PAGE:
Project description:BACKGROUND:Tsetse flies transmit trypanosomes that cause human and African animal trypanosomosis, a debilitating disease of humans (sleeping sickness) and livestock (nagana). An area-wide integrated pest management campaign against Glossina palpalis gambiensis has been implemented in Senegal since 2010 that includes a sterile insect technique (SIT) component. The SIT can only be successful when the sterile males that are destined for release have a flight ability, survival and competitiveness that are as close as possible to that of their wild male counterparts. METHODOLOGY/PRINCIPAL FINDINGS:Tests were developed to assess the quality of G. p. gambiensis males that emerged from pupae that were produced and irradiated in Burkina Faso and Slovakia (irradiation done in Seibersdorf, Austria) and transported weekly under chilled conditions to Dakar, Senegal. For each consignment a sample of 50 pupae was used for a quality control test (QC group). To assess flight ability, the pupae were put in a cylinder filtering emerged flies that were able to escape the cylinder. The survival of these flyers was thereafter monitored under stress conditions (without feeding). Remaining pupae were emerged and released in the target area of the eradication programme (RF group). The following parameter values were obtained for the QC flies: average emergence rate more than 69%, median survival of 6 days, and average flight ability of more than 35%. The quality protocol was a good proxy of fly quality, explaining a large part of the variances of the examined parameters. CONCLUSIONS/SIGNIFICANCE:The quality protocol described here will allow the accurate monitoring of the quality of shipped sterile male tsetse used in operational eradication programmes in the framework of the Pan-African Tsetse and Trypanosomosis Eradication Campaign.
Project description:Tsetse flies are vectors of the protozoan parasite African trypanosomes, which cause sleeping sickness disease in humans and nagana in livestock. Although there are no effective vaccines and efficacious drugs against this parasite, vector reduction methods have been successful in curbing the disease, especially for nagana. Potential vector control methods that do not involve use of chemicals is a genetic modification approach where flies engineered to be parasite resistant are allowed to replace their susceptible natural counterparts, and Sterile Insect technique (SIT) where males sterilized by chemical means are released to suppress female fecundity. The success of genetic modification approaches requires identification of strong drive systems to spread the desirable traits and the efficacy of SIT can be enhanced by identification of natural mating incompatibility. One such drive mechanism results from the cytoplasmic incompatibility (CI) phenomenon induced by the symbiont Wolbachia. CI can also be used to induce natural mating incompatibility between release males and natural populations. Although Wolbachia infections have been reported in tsetse, it has been a challenge to understand their functional biology as attempts to cure tsetse of Wolbachia infections by antibiotic treatment damages the obligate mutualistic symbiont (Wigglesworthia), without which the flies are sterile. Here, we developed aposymbiotic (symbiont-free) and fertile tsetse lines by dietary provisioning of tetracycline supplemented blood meals with yeast extract, which rescues Wigglesworthia-induced sterility. Our results reveal that Wolbachia infections confer strong CI during embryogenesis in Wolbachia-free (Gmm(Apo)) females when mated with Wolbachia-infected (Gmm(Wt)) males. These results are the first demonstration of the biological significance of Wolbachia infections in tsetse. Furthermore, when incorporated into a mathematical model, our results confirm that Wolbachia can be used successfully as a gene driver. This lays the foundation for new disease control methods including a population replacement approach with parasite resistant flies. Alternatively, the availability of males that are reproductively incompatible with natural populations can enhance the efficacy of the ongoing sterile insect technique (SIT) applications by eliminating the need for chemical irradiation.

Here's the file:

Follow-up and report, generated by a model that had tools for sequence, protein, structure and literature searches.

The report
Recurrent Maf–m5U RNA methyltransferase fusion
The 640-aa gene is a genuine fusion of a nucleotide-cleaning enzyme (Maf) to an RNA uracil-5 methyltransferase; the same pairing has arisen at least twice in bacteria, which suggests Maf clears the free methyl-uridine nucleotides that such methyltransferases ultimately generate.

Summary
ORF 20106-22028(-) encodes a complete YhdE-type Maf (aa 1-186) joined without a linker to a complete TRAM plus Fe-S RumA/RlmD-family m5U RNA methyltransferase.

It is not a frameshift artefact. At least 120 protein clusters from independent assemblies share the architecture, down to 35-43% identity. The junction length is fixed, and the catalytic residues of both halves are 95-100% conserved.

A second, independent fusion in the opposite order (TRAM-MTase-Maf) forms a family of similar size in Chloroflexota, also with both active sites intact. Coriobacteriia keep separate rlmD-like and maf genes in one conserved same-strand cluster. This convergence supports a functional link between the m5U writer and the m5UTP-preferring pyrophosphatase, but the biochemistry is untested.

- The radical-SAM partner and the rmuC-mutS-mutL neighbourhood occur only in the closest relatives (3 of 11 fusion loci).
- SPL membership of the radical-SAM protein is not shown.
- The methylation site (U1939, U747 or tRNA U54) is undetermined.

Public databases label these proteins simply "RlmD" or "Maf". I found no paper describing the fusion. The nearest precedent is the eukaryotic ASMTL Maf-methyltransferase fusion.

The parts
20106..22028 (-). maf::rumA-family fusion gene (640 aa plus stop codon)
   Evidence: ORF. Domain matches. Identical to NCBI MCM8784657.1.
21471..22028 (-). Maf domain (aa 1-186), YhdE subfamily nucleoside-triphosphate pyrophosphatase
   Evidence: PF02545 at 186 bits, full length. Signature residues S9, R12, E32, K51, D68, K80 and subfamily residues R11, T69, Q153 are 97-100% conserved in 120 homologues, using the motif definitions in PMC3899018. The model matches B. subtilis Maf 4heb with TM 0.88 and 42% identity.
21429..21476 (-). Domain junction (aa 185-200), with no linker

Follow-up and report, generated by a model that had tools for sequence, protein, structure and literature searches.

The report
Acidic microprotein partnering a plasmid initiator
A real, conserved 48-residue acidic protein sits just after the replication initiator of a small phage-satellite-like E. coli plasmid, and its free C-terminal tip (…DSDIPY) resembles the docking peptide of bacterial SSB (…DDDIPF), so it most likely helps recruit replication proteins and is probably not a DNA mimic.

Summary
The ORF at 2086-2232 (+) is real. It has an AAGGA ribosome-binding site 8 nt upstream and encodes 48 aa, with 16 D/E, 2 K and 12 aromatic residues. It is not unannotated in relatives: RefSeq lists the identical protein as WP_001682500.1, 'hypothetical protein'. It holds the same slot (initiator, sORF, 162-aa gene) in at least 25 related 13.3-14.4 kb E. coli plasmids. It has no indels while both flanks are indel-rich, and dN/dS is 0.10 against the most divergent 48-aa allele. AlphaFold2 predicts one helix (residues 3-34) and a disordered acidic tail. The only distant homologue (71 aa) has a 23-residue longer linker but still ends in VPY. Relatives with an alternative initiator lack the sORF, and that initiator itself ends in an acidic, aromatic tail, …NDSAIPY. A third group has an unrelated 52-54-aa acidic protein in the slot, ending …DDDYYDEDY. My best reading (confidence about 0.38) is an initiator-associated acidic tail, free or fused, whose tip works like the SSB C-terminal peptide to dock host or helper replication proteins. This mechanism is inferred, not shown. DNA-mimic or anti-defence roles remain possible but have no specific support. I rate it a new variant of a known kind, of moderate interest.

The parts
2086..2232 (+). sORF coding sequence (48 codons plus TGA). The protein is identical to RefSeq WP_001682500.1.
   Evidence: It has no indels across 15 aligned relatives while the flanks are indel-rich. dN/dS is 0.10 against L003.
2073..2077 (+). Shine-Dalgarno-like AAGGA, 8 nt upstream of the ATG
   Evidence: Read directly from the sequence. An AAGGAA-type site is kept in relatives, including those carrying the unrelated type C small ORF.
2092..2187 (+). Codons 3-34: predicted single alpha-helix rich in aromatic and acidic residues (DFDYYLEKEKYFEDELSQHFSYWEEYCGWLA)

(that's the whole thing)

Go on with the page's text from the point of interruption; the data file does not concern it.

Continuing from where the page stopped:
Project description:Tsetse flies are cyclical vectors of trypanosomes, the causative agents of sleeping sickness or Human African Trypanosomosis and nagana or African Animal Trypanosomosis in Sub-Saharan Africa. The Insectarium de Bobo-Dioulasso (IBD) was created and equipped in the frame of Pan African Tsetse and Trypanosomosis Eradication Campaign (PATTEC) with the main goal to provide sterile males for the different eradication programs in West Africa which is already the case with the ongoing eradication program in Senegal. The aim of this study was to identify the best feeding regime in mass-rearing colonies of Glossina palpalis gambiensis to optimize the yield of sterile males. We investigated the mortality and fecundity for various feeding regimes and day alternation (3×: Monday-Wednesday-Friday, 4×: Monday-Wednesday-Friday-Saturday, 4×: Monday-Wednesday-Thursday-Friday and 6×: all days except Sunday) on adult tsetse flies in routine rearing over 60 days after emergence. The day alternation in the 4 blood meals per week (feeding regimes 2 and 3) had no effect on tsetse fly mortality and fecundity. The best feeding regime was the regime of 4 blood meals per week which resulted in higher significant fecundity (PPIF = 2.5; P = 0.003) combined with lower mortality of females (P = 0.0003) than the 3 blood meals per week (PPIF = 2.0) and in similar fecundity (PPIF = 2.6; P = 0.70) and mortality (P = 0.51) than the 6 blood meals per week. This feeding regime was extended to the whole colonies, resulting in an improved yield of sterile males for the ongoing eradication program in Senegal and would be more cost-effective for the implementation of the next-coming sterile insect technique (SIT) programs in West Africa.